BY RYAN MERARD
As of September, Governor Ron DeSantis announced that Florida would fully reopen its economy and move into Phase III. This call came with him easing restrictions on restaurants and bars, as well as allowing all Florida football teams to open with full capacity. With these decisions, he has shown that he is not taking public health as seriously as he should.
Shortly after the governor’s decision, University of Florida Head Coach Dan Mullen also showed his desire for packed stadiums, hoping that “our university administrator follows the governor” for the next game against Louisiana State University. Following his words, this would mean that Coach Mullen was hoping to see “The Swamp” filled with about 90,000 people.
Something ironic about this situation is that shortly after this press conference, his words came back to bite him as his own team had to cancel practice due to 21 positive COVID-19 cases. If the virus was able to spread as easily as it did among a football team of around 100 athletes, imagine the results if teams were allowed to have fully-packed stadiums.
Something ironic about this situation is that shortly after this press conference, his words came back to bite him as his own team had to cancel practice due to 21 positive COVID-19 cases.
The fact that DeSantis even made such an order is a reckless decision on his part and seems like he worries more about fully opening up the economy than public health. Encouraging large gatherings of tens of thousands of people in a state with several university and professional football teams while trying to bring the number of positive cases for the coronavirus down is just not reasonable.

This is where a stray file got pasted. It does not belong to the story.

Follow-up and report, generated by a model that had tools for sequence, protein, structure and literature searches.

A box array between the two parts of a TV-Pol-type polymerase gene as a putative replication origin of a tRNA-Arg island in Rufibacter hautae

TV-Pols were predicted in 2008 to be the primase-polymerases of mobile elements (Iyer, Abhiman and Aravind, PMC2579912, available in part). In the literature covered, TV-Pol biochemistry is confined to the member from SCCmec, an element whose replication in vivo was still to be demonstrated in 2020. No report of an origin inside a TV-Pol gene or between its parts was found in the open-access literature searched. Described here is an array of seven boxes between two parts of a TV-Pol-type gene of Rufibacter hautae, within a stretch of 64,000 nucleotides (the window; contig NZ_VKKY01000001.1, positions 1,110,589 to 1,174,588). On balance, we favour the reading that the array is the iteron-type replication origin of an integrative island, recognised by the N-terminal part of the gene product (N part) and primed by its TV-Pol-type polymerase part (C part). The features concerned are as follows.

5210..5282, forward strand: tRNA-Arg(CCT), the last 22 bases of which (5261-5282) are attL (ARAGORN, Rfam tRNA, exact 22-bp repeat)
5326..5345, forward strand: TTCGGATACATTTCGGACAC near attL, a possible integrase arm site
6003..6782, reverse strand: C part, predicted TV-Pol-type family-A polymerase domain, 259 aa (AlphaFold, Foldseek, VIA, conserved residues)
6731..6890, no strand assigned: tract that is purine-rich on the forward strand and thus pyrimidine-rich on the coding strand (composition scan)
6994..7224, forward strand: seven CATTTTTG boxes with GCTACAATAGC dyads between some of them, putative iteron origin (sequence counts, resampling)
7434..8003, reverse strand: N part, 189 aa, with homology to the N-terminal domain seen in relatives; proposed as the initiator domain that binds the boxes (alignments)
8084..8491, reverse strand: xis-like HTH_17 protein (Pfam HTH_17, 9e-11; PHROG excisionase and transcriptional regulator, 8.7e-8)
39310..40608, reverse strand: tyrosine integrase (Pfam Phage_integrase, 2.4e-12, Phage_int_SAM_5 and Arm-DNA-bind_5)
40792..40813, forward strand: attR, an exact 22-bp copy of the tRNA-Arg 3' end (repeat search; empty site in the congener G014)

Many times, individuals will argue that people who are “scared” to catch the virus should just stay home and let those who want to go out be free. However, catching the coronavirus does not affect just the individual but also can have effects on peers.
Giving teams the clearance to open with full capacity endangers the community of those who have to live next to others who may not be as careful as them. If universities were to ease off all restrictions at football games and crowds start to fill up again, social distancing would become more of a challenge as more people are allowed into the stadium.
Now, if a student happened to catch the virus at a football game, they may not be able to go home to isolate, so they would just spread it to others in residential halls. It is also reported that a carrier could go days before even noticing that they have symptoms, so who knows how many people an infected person might expose themselves to on a college campus before knowing they have the virus.
It seems as though the sports franchise owners are taking this pandemic more seriously than the governor, as many of them have refuted DeSantis’ permission to allow stadiums to open fully.
It seems as though the sports franchise owners are taking this pandemic more seriously than the governor, as many of them have refuted DeSantis’ permission to allow stadiums to open fully. Most teams, such as the Miami Dolphins, are sticking to a 25% capacity limit, and plan to do so for the rest of the season.
Regardless of what the teams decide to do on an individual basis, this was a very reckless decision by Governor DeSantis. There is a time and a place for everything, and now is simply not the time to give teams the ability to hold games with large crowds.
With National Football League (NFL) superstars like Tom Brady and Rob Grownskawski entering the Florida football scene and former college star Tua Tagovailoa finally achieving his highly anticipated career start with the Miami Dolphins, the number of fans that would show up if the teams listened to DeSantis would be uncertain, but definitely plenty.
Allowing more and more fans to gather into one area makes it harder to establish social distancing and creates a greater risk for the spread of COVID-19, so it’s best to not rush anything and stay with the limited capacity rules that most teams are currently following.
Illustration by Sofie Kahlig